Why I Left My Career as a White River Fly Fishing Guide by Gabe Cross


Is there more to life than trout fishing in the Ozarks?

It came as a quick decision that took very little real thought; the Ozarks had become unbearable, and it was time that my wife and I left the comforts of Arkansas in search of a different life. Boise popped up as an option because I had family in the area, so when the few other unappealing choices we had disappeared, we packed up the SUV with our most cherished possessions and headed 1800 miles towards the Pacific Northwest. Boise certainly is a long way from Cotter, Arkansas with respect to both distance and culture. This separation has proved quite comforting.

Many guide services have fallen under hard times around the country, and most will rightfully lay the majority of the blame on the poor economy. In my situation, the falling off of my business was quite complex. Yes, at the very end, the economy was effecting my bottom-line, but I should have been more prepared. 2008 was just a brutal year; two record floods less than a month apart, destructive tornados and high water cycles that seemed to never end. White River Basin dams are designed to capture destructive forces and minimize their long term effects. Unfortunately, the deluge of early April, 2008 was too much for Norfork Lake to handle, and subsequent spillway releases in the 80,000 cubic feet per second range have forever changed the landscape of that river. In my opinion, these changes have had more negative than positive impacts. The perception of the Norfork as a “damaged waterway” is hard to shake, and many anglers have just grown tired of the unpredictable ways of these rivers. Fisherman numbers may not be way down as a whole, but the number of fly anglers fishing on their own or hiring a guide has dropped drastically over the last three to five years.

I think most of the confident and experienced Ozark fly fishing guides can deal with widespread economic hard times because of the accompanying increased demand for vacation “experiences” that provide lasting memories. When people want to get the most out of their limited leisure dollars, they often seek out new adventures, and the Ozarks has the image as a prolific trout fishing destination. Unfortunately, Arkansas guides have had to contend with so much more than just shrinking national bank accounts over the last three years. The popularity of the White River and Norfork Tailwater wanes significantly during long stints of high water, and now the area is mired in its third successive year of near-constant power generation. Honestly, I’m glad I left when I did at the beginning of 2009, as the excessive high water caused me to quickly burn out and lose my passion for the sport. As a good friend told me, “When you can’t get excited about trout fishing on the White River every day, it is time to take a break”.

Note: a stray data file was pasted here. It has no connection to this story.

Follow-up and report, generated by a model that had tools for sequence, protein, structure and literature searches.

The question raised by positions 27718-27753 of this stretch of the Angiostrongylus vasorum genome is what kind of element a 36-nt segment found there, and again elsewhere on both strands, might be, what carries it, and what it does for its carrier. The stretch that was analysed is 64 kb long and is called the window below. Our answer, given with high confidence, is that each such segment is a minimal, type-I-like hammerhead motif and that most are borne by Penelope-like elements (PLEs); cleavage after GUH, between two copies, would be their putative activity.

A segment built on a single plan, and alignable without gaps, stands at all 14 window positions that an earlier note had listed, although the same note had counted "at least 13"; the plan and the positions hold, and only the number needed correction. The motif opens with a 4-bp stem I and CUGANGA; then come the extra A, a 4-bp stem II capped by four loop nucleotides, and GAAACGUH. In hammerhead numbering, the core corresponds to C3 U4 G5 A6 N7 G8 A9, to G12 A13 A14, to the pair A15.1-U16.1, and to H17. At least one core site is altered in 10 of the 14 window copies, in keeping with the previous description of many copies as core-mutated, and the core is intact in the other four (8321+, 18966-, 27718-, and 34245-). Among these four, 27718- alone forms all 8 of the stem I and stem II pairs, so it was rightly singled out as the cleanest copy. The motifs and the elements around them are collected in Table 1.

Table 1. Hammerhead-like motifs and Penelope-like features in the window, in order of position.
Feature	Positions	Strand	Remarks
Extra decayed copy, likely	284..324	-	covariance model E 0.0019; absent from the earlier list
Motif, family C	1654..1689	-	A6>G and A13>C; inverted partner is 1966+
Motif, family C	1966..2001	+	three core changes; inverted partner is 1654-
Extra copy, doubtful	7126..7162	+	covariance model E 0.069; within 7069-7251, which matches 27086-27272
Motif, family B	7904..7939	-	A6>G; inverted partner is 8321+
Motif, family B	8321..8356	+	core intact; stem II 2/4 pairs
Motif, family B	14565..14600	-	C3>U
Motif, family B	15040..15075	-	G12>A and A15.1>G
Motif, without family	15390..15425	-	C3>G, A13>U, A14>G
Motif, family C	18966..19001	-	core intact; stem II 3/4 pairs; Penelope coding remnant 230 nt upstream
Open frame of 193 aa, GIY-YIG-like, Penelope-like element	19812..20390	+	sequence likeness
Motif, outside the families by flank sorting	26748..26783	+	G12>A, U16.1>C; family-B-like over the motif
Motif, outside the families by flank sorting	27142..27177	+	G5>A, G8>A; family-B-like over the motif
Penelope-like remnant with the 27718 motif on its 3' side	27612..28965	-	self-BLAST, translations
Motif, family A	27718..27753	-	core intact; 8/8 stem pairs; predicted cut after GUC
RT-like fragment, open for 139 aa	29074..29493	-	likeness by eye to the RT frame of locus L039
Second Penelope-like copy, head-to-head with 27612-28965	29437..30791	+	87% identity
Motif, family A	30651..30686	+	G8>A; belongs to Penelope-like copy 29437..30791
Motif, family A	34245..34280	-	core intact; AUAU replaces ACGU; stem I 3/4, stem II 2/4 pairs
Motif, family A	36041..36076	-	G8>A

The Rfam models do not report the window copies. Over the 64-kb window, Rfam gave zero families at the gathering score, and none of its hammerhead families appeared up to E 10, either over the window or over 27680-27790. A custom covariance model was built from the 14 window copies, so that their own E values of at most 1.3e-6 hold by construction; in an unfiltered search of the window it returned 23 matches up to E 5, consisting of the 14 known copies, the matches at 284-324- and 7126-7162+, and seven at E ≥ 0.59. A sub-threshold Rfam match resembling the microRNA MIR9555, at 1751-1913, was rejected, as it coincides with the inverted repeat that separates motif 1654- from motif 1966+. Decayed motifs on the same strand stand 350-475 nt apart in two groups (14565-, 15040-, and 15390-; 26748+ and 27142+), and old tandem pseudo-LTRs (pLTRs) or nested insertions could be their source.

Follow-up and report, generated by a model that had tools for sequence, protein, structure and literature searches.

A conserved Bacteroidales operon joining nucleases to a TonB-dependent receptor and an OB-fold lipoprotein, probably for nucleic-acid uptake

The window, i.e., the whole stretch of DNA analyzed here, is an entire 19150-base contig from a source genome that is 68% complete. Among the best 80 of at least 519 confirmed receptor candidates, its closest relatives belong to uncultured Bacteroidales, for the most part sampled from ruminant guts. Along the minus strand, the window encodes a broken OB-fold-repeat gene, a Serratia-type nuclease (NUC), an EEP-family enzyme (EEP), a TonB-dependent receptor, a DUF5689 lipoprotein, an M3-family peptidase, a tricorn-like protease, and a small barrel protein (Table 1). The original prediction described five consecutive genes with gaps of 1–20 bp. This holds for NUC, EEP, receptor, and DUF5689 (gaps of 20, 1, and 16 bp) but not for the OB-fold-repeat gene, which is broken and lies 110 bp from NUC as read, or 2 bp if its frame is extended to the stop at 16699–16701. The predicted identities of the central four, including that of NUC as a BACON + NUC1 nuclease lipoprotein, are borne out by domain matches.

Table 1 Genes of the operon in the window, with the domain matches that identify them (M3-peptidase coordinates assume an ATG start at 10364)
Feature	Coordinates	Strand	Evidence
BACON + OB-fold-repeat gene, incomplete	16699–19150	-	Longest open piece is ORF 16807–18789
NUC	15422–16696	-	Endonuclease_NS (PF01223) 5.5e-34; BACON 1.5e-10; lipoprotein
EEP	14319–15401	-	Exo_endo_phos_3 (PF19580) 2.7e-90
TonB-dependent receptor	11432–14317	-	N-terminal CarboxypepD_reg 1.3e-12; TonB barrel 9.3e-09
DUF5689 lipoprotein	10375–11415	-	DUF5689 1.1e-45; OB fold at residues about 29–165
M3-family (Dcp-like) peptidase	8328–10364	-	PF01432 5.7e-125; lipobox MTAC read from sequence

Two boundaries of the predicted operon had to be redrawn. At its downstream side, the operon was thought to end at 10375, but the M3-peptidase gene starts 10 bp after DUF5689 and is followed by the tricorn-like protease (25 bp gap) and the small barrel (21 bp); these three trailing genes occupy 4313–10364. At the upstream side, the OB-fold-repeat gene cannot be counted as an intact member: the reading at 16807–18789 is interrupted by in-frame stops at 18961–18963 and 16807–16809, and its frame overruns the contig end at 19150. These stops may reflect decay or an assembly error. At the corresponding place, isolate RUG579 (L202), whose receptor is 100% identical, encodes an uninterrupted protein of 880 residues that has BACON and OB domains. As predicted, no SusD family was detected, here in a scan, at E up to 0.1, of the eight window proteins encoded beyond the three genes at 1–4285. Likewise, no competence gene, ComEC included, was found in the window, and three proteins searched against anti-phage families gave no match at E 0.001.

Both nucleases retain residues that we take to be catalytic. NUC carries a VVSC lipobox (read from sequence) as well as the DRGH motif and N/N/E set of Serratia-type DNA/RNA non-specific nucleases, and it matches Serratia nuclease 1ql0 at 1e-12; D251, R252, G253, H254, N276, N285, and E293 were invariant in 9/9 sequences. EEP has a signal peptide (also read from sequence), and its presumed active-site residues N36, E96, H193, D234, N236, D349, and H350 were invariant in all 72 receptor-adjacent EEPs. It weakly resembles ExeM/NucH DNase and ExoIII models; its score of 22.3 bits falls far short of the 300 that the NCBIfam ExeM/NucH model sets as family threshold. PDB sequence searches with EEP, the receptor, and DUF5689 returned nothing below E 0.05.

Moving to Boise was a breath of fresh air, and I have a deep love for this city from an outdoor recreation perspective.

Unfortunately, I struggled to find meaningful employment after much effort, and this (amongst other things) taxed my marriage to the point of no return. We split around Labor Day of 2009, and I’ve had to work very hard at moving forward. I decided to stay in Boise for no other reasons than I love the fishing in Idaho and I want to see more of this beautiful place – returning to Arkansas to guide is not a viable option. By the end of this summer, the blog will be filled with my Rocky Mountain experiences, and I hope that everyone enjoys these stories of discovery.

In an effort to keep my first ‘real’ blog post from being too boring, I think it is time that I cut it off and end right here. The bottom line is that most of the hard stuff in life happens for a reason, and there is often a substantial silver-lining waiting to be discovered after the dust of uncertainty settles. I truly love Boise and the people here, even though it has taken some effort to find my place in Idaho society. It is time to be patient and observe, and then the answers will come.

I really am looking forward to sharing through this blog, and please feel free to communicate directly with me at: gcflyfish@yahoo.com . Fly fishing is now a major part of my life – whether I like it or not, and it is darn well time that I make sense of this strange path I have chosen. This blog process will provide a personal therapy of sorts, and I can think of no better remedy for a beleaguered soul than some quality time spent on a secluded Idaho trout stream followed by sharing the sights and sounds with my new, online fly fishing friends.

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~ by troutdoctor101 on March 26, 2010.

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